John remembers going to see matinee showings of cowboy movies on Saturdays and, before the movie, shorts would run. "Usually they showed the news," he says, "but I just remember seeing this one clip warning us about polio and it just showed all these kids in iron lungs." If kids survived the iron lung, they'd often come back to school on crutches, in leg braces, or in wheelchairs.

"We all tried to be really careful in the summer — or, as we called it back then, 'polio season,''" John says. This was because every year around Memorial Day, major outbreaks would begin to emerge and they'd spike sometime around August. People weren't really sure how the disease spread at the time, but many believed it traveled through the water. There was no cure — and every child was susceptible to getting sick with it.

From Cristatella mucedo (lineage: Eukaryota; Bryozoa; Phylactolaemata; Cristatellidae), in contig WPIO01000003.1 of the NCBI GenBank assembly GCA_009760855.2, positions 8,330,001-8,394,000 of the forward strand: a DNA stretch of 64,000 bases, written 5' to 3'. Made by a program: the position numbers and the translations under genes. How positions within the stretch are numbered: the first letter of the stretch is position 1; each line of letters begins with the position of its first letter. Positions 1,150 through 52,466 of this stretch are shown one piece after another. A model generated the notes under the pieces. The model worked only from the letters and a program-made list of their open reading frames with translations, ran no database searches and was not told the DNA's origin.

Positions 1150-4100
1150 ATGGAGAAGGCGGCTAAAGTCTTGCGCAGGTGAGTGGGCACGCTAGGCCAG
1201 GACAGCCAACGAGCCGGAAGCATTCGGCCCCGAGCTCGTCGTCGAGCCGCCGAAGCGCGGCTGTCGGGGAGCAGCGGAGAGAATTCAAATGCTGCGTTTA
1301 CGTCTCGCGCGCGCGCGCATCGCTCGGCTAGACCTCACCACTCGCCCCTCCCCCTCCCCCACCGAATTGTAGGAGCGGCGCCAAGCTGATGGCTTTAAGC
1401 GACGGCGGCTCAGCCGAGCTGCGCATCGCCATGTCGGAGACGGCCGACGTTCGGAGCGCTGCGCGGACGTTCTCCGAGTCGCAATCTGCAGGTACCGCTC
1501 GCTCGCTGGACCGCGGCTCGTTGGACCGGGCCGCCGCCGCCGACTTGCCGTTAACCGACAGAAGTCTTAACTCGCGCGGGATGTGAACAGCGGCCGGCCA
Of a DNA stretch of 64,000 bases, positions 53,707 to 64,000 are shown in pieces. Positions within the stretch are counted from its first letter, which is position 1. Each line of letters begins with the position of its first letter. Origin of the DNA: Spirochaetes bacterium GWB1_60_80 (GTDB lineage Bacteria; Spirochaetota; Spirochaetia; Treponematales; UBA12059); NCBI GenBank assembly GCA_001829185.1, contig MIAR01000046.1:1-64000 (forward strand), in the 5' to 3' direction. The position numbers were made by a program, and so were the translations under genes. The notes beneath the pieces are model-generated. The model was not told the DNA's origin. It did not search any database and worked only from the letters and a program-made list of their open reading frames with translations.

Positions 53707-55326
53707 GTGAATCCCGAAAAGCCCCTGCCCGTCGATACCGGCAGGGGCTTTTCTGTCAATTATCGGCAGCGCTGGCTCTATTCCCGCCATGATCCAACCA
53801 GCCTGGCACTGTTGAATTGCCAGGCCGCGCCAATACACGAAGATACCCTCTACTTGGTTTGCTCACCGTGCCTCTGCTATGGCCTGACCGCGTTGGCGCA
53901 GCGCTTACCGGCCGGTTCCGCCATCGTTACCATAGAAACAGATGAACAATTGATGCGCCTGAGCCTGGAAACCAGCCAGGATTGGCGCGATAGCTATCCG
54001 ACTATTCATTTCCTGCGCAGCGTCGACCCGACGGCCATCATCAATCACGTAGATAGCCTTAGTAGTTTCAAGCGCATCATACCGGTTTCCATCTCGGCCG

"We couldn't swim in hot weather," he remembers, "and the municipal outdoor pool would close down in August."

Then, in 1954 clinical trials began for Dr. Jonas Salk's vaccine against polio and within a year, his vaccine was announced safe. "I got that vaccine at school," John says. Within two years, U.S. polio cases had dropped 85-95 percent — even before a second vaccine was developed by Dr. Albert Sabin in the 1960s. "I remember how much better things got after the vaccines came out. They changed everything," John says.